We have also had some very good news with regards to school funding in recent weeks with the announcement that spending on schools nationally will increase by £4.8billion next year. Further good news is that our local schools will be receiving an above average increase which will continue to close the funding gap Cornish schools have been facing for many years now. It is good to see that our continual campaigning on funding for our schools is paying off and this government’s commitment to ‘level up’ education is happening.

Overall funding for schools in our constituency will increase by 5.9% next year, well above inflation, rising to more that £69million. Some of our smaller rural schools will be allocated much larger increases with some receiving over 12% more. As always these are indicative allocations and the final sums received by schools will depend on how Cornwall Council apply the new budget. I certainly hope that they will ensure all our schools receive the uplift in funding allocated to them in full.

My team and I are here to serve the whole constituency and work hard to make a real difference to the lives of everyone needing support. The office is open to the public Monday – Friday 10.00am – 4.00pm. If there is an issue you would like my assistance with then please contact me on either 01726 829379 or Additionally, I will be recommencing regular, appointment only, advice surgeries from next month. Do get in touch if you would like an appointment to see me.


Wednesday, 12 August 2020

Newspaper column 12 August 2020 - Investment in Cornwall


The latest figures which were released at the end of last week show the level of government support through the COVID-19 pandemic for businesses and jobs in our constituency. The economic shock has impacted just about every part of our local economy and as we begin the long road to recovery, it is good to reflect on the support so far that has protected thousands of jobs and hundreds of businesses.

Treasury figures show that 17,600 employees have been furloughed with the government funding 80% of workers’ wages – estimated at a total of around £145milllion from March – August.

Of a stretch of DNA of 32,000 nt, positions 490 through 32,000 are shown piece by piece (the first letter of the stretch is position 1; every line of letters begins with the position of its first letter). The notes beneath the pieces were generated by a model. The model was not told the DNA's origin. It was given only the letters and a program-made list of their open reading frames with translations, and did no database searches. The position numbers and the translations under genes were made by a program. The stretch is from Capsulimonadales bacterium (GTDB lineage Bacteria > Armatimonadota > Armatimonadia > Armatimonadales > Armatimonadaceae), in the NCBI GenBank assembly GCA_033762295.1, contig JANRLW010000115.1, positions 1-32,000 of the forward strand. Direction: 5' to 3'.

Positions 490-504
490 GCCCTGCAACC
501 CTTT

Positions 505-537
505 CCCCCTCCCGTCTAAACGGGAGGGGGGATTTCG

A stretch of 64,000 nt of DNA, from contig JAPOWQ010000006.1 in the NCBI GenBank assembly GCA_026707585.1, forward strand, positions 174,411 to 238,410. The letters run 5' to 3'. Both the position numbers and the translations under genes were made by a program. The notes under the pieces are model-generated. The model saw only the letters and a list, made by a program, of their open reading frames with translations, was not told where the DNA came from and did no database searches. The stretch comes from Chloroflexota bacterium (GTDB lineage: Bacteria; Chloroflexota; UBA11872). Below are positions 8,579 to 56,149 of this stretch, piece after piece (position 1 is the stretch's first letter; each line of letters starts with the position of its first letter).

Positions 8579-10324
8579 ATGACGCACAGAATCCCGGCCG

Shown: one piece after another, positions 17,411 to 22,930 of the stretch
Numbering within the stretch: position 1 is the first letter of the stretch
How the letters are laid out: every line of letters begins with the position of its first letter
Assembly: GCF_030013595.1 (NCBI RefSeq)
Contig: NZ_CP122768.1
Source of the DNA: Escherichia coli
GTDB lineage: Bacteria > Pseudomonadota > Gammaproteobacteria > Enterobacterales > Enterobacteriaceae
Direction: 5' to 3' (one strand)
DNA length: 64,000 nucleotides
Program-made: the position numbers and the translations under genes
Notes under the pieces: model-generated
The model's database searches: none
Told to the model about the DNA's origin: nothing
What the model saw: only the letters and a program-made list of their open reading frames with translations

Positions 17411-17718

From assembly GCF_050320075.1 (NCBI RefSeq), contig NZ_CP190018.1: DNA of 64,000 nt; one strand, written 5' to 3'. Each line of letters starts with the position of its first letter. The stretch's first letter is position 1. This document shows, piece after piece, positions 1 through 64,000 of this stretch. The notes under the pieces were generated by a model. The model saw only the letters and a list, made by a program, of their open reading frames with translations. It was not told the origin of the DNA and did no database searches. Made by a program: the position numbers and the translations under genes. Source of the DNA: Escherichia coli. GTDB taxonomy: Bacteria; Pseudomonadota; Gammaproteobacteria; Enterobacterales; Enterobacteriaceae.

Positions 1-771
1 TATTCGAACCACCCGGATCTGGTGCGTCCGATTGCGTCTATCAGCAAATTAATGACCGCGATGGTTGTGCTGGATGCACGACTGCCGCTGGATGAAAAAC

5,700 self-employed people have received the self-employed income support scheme which has put over £16million into the bank accounts of local people.

Almost 1,900 businesses in St Austell and Newquay have received government backed loans through the Coronavirus Business Interruption Loan Scheme or Bounce Back Loans totalling almost £50million. Three thousand six hundred businesses have received grants and further 1,200 are having their businesses rates bills cancelled until April next year.

This is an unprecedented intervention by the government to support businesses and project jobs and our constituency has received one of the highest levels of support of any across the country.

This is all on top of the specific measures taken to support the tourism and hospitality sector, which our constituency relies on more heavily than any in the country through the VAT cut and Eat Out to Help Out Scheme.

Whilst I am very much aware that there will be those individuals and businesses who will have fallen through the gaps and not able to access the various support schemes, there is no doubt that we would be facing a much bigger challenge locally if these schemes had not been in place. The Chancellor has always been open and honest that we will not be able to save every job or protect every business. I continue to make representations to government ministers for further support both for those who have so far not received any support and also for our vital hospitality businesses who will face further challenges as the season ends.

Sadly, there will be those who lose their jobs and businesses who will not survive this crisis. The government is already taking steps to invest in job creation and training to ensure any recession and increase in unemployment is as short as possible.